Leongatha gets Wet And Premiership

Well oiled machine: The premiership took Leongatha’s unbeaten run to 28 games. photographs liam durkin



CERTIFIED freaks, seven days a week.
Leongatha completed the double on Saturday in the Gippsland League Grand Final.
The Parrots 10.10 (70) to 6.12 (48) victory over Sale capped off an unbeaten season of football, ensuring the title of premiers and champions.
It was the first time a premiership team had gone through an entire season without losing a game since Maffra in 2004.
Leongatha’s winning streak extended far beyond this season, going all the way back to April last year. That is 28 wins in a row.
The Magpies were gallant in defeat, with the game still very much in the balance until about the 20-minute mark of the final term.
Sale won plenty of admirers reaching the Grand Final, getting to the decider after three tough and hard-fought finals.
A loss in the qualifying final to Wonthaggi had the Magpies then defeat Traralgon on their home deck by three points in the first semi, before turning the tables on the Power in the preliminary final.
Carrying underdog status for most of the finals series, it was certainly a memorable journey for the black and white, who managed to get both teams into the Grand Final.
If someone had told you in January Sale’s reserves would make the Grand Final after finishing last in four of the past five seasons you would have got odds of 500-1.
Choppy conditions at Ted Summerton Reserve made for a sluggish Grand Final.
A huge westerly breeze played havoc throughout the day, so much so the goal posts at times looked as though they were going to topple over.
During the reserves, a number of clearing kicks out of defensive 50 at the Can Bar end ended up landing in the car park purely because of how strong the wind was. Conversely, those kicking out from full back with the wind from the scoreboard end were easily getting the ball to halfway.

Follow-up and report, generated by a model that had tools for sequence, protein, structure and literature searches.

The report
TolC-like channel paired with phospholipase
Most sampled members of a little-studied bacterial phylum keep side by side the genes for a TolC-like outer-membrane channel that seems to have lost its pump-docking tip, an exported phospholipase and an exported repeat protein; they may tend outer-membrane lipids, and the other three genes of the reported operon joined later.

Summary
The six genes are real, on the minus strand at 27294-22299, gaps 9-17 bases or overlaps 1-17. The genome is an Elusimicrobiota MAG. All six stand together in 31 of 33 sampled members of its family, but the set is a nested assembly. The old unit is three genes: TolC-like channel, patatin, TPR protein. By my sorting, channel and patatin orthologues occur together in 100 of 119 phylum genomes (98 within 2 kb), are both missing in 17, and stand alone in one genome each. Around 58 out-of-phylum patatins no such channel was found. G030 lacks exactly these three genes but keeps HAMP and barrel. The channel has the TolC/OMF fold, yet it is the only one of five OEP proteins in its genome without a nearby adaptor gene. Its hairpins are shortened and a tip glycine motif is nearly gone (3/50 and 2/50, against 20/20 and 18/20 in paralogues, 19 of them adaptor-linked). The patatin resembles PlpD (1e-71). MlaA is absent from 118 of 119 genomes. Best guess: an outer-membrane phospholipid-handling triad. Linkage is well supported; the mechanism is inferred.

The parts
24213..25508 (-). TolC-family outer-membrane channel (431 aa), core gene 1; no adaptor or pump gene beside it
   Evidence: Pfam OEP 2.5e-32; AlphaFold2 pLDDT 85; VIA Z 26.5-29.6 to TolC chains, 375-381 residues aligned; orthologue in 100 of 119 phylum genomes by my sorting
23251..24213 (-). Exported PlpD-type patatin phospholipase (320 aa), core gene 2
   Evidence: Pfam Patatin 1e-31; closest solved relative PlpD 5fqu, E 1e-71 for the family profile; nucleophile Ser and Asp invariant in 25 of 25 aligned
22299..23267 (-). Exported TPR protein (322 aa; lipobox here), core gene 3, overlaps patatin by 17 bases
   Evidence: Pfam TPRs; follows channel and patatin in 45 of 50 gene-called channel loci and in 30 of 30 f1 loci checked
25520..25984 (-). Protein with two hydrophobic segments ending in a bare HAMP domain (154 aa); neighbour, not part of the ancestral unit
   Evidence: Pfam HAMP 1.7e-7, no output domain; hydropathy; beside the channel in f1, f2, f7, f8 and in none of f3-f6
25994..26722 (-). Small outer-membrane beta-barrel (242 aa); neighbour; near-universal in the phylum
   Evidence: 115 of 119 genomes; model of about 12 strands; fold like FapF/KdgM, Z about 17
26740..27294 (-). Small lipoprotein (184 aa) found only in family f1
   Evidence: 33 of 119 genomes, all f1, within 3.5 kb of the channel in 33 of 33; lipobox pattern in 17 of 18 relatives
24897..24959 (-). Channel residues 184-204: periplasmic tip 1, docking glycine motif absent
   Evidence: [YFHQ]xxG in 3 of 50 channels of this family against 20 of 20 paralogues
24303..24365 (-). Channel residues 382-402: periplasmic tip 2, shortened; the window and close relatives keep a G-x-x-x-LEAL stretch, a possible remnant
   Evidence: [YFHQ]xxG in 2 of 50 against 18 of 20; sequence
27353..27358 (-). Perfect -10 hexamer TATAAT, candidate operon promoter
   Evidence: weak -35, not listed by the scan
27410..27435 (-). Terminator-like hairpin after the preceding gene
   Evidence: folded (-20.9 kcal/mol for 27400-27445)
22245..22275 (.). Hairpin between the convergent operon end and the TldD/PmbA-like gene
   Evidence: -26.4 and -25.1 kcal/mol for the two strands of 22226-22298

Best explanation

The senior game started amid mildly calm conditions, but wintry weather had the lights turned on as early as the 10-minute mark of the second quarter.
Both teams traded blows in the opening stanza, each kicking three goals.
Sale was well and truly up for the fight, and did not seem overawed by the occasion in the slightest.
A snap out of congestion by Leongatha captain Tom Marriott showed his class, as the Parrots took a three-point lead into the first break.
The Magpies had done very well kicking three goals into the breeze, and now had a chance to make use of the scoring end.
“Bite down” could be heard in the Sale huddle.
The phrase has become a catch cry for the Magpies this season, named after a term used by UFC fighter Tai Tui, a favourite of playing-coach Jack Johnstone. It essentially means bite down on the mouth guard and compete ferociously.
Another even quarter followed, with both teams kicking two goals.
Spectators were not treated to an overly skilful display, but given the conditions, it was understandable why plenty of kicks went astray.
Sale forward Jarrod Freeman cut off a Leongatha rebound inside 50, and took a set shot no more than 35 metres out on a slight angle.
To give you an idea of how strong the wind was, Freeman looked as though he was aiming to kick the ball between the goal and point post. The resultant kick swung from right to left dramatically and looked on target, only to hit the post flush.
The Magpies managed a goal to Will Leslie in the pocket, which got the margin to three points at the 18-minute mark.
As the siren sounded for the main break, it was still anyone’s game. Leongatha leading 5.5 (35) to 5.3 (33).
On the resumption the Parrots made some early inroads with a goal at the 15-minute mark, taking the lead to nine points.
The wind had eased by now, and players were able to link up with a bit more surety.